Richard Wagstaff Clark was an American radio and television personality, television producer and film actor, as well as a cultural icon who remains best known for hosting American Bandstand from 1957 to 1988. He also hosted the game show Pyramid and Dick Clark's New Year's Rockin' Eve, which transmitted Times Square's New Year's Eve celebrations. Clark was well known for his trademark sign-off, "For now, Dick Clark — so long!", accompanied by a facsimile of a military salute.
American Bandstand is an American music-performance and dance television program that aired in various versions from 1952 to 1989, and was hosted from 1956 until its final season by Dick Clark, who also served as the program's producer. It featured teenagers dancing to Top 40 music introduced by Clark; at least one popular musical act—over the decades, running the gamut from Jerry Lee Lewis to Run–D.M.C.—would usually appear in person to lip-sync one of their latest singles. Freddy Cannon holds the record for most appearances, at 110.
Stephen Valentine Patrick William Allen was an American television personality, radio personality, musician, composer, actor, comedian, writer, and advocate of scientific skepticism. In 1954, he achieved national fame as the co-creator and first host of The Tonight Show, which was the first late night television talk show.
In order to cover their living expenses, the Trio was forced to go on the road, for what seemed to be an endless stream of one-night stands.[ citation needed ] This exhausting regime led to squabbles, which were exacerbated in Dorsey's case by Jerome's use of the name Johnny Burnette and the Rock and Roll Trio on records and live dates. Things finally came to a head at a gig in Niagara Falls in autumn 1956, when, as a result of a fight, Dorsey quit the group a week before they were to appear in Alan Freed's film Rock, Rock, Rock.[ citation needed ]
Johnny Black, the brother of Elvis's bassist Bill Black, was rapidly recruited to fill Dorsey's place. Despite the film appearance and three more single releases and one LP release, the group failed to achieve any chart success. The Rock and Roll Trio disbanded in autumn 1957.[ citation needed ]
Now unemployed in Memphis, Burnette decided to try his luck in California. He and a friend, Joe Campbell, hitchhiked to the West Coast, where they joined Dorsey. With their past differences forgotten, the brothers attempted to resurrect the Rock and Roll Trio and sent for Paul Burlison. He joined them briefly but decided to return to Memphis and concentrate on his electrical business. Dorsey and Johnny continued with their songwriting, but Dorsey kept his day job as an electrician to pay the family expenses.[ citation needed ]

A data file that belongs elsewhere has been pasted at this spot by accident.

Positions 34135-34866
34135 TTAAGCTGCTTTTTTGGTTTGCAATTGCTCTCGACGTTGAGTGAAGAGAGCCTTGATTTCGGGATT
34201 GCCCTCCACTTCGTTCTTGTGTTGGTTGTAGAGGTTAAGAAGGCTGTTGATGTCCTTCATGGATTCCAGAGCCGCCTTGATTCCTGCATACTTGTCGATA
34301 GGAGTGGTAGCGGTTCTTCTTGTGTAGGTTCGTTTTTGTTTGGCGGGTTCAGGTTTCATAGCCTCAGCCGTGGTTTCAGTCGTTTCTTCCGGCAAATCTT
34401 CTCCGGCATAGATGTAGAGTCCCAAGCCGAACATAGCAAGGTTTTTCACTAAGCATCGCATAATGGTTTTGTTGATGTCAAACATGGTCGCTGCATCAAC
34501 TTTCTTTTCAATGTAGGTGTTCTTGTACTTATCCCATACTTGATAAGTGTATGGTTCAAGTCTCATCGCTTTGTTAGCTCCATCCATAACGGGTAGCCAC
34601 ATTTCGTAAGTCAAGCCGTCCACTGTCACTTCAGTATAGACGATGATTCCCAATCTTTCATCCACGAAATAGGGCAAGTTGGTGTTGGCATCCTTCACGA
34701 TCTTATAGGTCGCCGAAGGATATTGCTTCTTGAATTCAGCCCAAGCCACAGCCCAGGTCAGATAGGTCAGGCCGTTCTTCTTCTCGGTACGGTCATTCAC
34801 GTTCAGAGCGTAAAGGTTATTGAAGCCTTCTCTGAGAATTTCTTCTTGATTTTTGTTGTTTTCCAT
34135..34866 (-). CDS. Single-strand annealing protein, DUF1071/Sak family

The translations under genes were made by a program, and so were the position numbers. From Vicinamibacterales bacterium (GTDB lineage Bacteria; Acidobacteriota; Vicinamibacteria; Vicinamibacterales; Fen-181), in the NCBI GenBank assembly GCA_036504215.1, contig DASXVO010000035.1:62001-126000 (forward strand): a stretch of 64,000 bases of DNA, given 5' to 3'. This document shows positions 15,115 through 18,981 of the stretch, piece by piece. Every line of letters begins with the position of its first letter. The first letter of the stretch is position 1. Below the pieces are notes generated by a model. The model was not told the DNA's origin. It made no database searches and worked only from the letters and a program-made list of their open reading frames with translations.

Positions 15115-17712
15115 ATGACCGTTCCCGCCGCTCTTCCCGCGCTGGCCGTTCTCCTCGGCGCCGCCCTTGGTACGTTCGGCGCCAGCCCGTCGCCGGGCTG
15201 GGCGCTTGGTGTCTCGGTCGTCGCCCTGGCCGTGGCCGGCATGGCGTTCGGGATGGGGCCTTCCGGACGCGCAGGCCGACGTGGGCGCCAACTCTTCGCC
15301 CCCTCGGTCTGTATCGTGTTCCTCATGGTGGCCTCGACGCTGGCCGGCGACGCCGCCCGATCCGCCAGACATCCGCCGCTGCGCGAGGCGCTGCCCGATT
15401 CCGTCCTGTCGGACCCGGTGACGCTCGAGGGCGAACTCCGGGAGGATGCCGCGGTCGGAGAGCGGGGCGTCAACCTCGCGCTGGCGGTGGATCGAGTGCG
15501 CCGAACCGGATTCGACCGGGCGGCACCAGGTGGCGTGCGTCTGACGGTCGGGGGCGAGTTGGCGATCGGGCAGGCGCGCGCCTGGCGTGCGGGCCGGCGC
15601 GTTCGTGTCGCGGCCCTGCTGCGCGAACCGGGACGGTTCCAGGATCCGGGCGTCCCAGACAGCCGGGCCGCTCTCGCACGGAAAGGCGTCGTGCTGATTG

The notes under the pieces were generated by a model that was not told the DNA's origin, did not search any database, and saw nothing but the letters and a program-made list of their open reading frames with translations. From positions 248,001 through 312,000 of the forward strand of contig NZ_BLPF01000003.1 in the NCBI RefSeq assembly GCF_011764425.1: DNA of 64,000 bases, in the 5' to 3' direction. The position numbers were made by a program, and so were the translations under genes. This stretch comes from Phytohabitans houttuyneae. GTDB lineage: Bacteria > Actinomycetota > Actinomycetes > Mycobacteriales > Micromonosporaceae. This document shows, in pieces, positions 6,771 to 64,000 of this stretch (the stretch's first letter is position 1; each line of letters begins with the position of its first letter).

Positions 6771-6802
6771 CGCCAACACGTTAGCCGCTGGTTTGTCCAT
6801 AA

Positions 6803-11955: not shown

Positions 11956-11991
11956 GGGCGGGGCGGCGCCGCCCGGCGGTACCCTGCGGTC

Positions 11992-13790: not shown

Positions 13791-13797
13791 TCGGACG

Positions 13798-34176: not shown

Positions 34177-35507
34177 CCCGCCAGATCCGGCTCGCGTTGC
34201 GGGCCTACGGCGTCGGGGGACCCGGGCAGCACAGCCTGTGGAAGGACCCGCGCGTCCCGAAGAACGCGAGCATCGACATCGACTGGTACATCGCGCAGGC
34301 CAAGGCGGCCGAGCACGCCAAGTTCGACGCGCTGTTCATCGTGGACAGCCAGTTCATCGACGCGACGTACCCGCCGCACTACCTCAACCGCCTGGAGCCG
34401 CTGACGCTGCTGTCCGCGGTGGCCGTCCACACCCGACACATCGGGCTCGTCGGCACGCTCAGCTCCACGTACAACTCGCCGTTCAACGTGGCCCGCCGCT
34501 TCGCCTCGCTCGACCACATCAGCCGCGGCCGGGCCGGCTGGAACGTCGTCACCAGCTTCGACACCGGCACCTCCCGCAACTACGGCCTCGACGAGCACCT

The Burnettes' brashness got them their first success in the music business in California. On arriving in Los Angeles, Joe Campbell bought a copy of "A Map to the Stars", which showed the location of the house of the teen idol Ricky Nelson. In an effort to get their songs to him, the Burnettes and Campbell decided to sit on the steps of his house until they could get a meeting with him. [ citation needed ] Their persistence worked, and Nelson was sufficiently impressed with their work that he eventually recorded several of their songs, including "Believe What You Say", "It's Late", "Waitin' in School", and "Just a Little Too Much", amongst others. Other Imperial Records artists, such as Roy Brown, benefited from their songwriting. The success of his recording of the brothers' "Hip Shakin' Baby" led to a recording contract with Imperial Records as a duo. While in California, they met Doyle Holly, who played bass guitar for a short time with the band. Holly went on to become the bass player for Buck Owens and the Buckaroos and to record as a solo artist.
As the Burnette Brothers, they released one single, for Imperial, "Warm Love" backed with "My Honey" (Imperial X5509), on May 5, 1958. It did not make the charts.After this failure, they continued to work together as songwriters but began to follow separate careers as performing artists. In 1961, however, Johnny and Dorsey released two instrumental singles, credited to the Texans, for two small labels, Infinity and Gothic: "Green Grass of Texas" backed with "Bloody River" (Infinity INX-001), released on February 20, 1961, and "Rockin' Johnny Home" backed with "Ole Reb" (Gothic GOX-001), released on May 29, 1961. Another instrumental, "Lonely Island" backed with"Green Hills" (Liberty 55460), credited to the Shamrocks, was released by Liberty Records on June 6, 1962. "Green Grass of Texas" and "Bloody River" were to be re-released in February 1965 on the Vee Jay label (VJ 658), again credited to the Texans.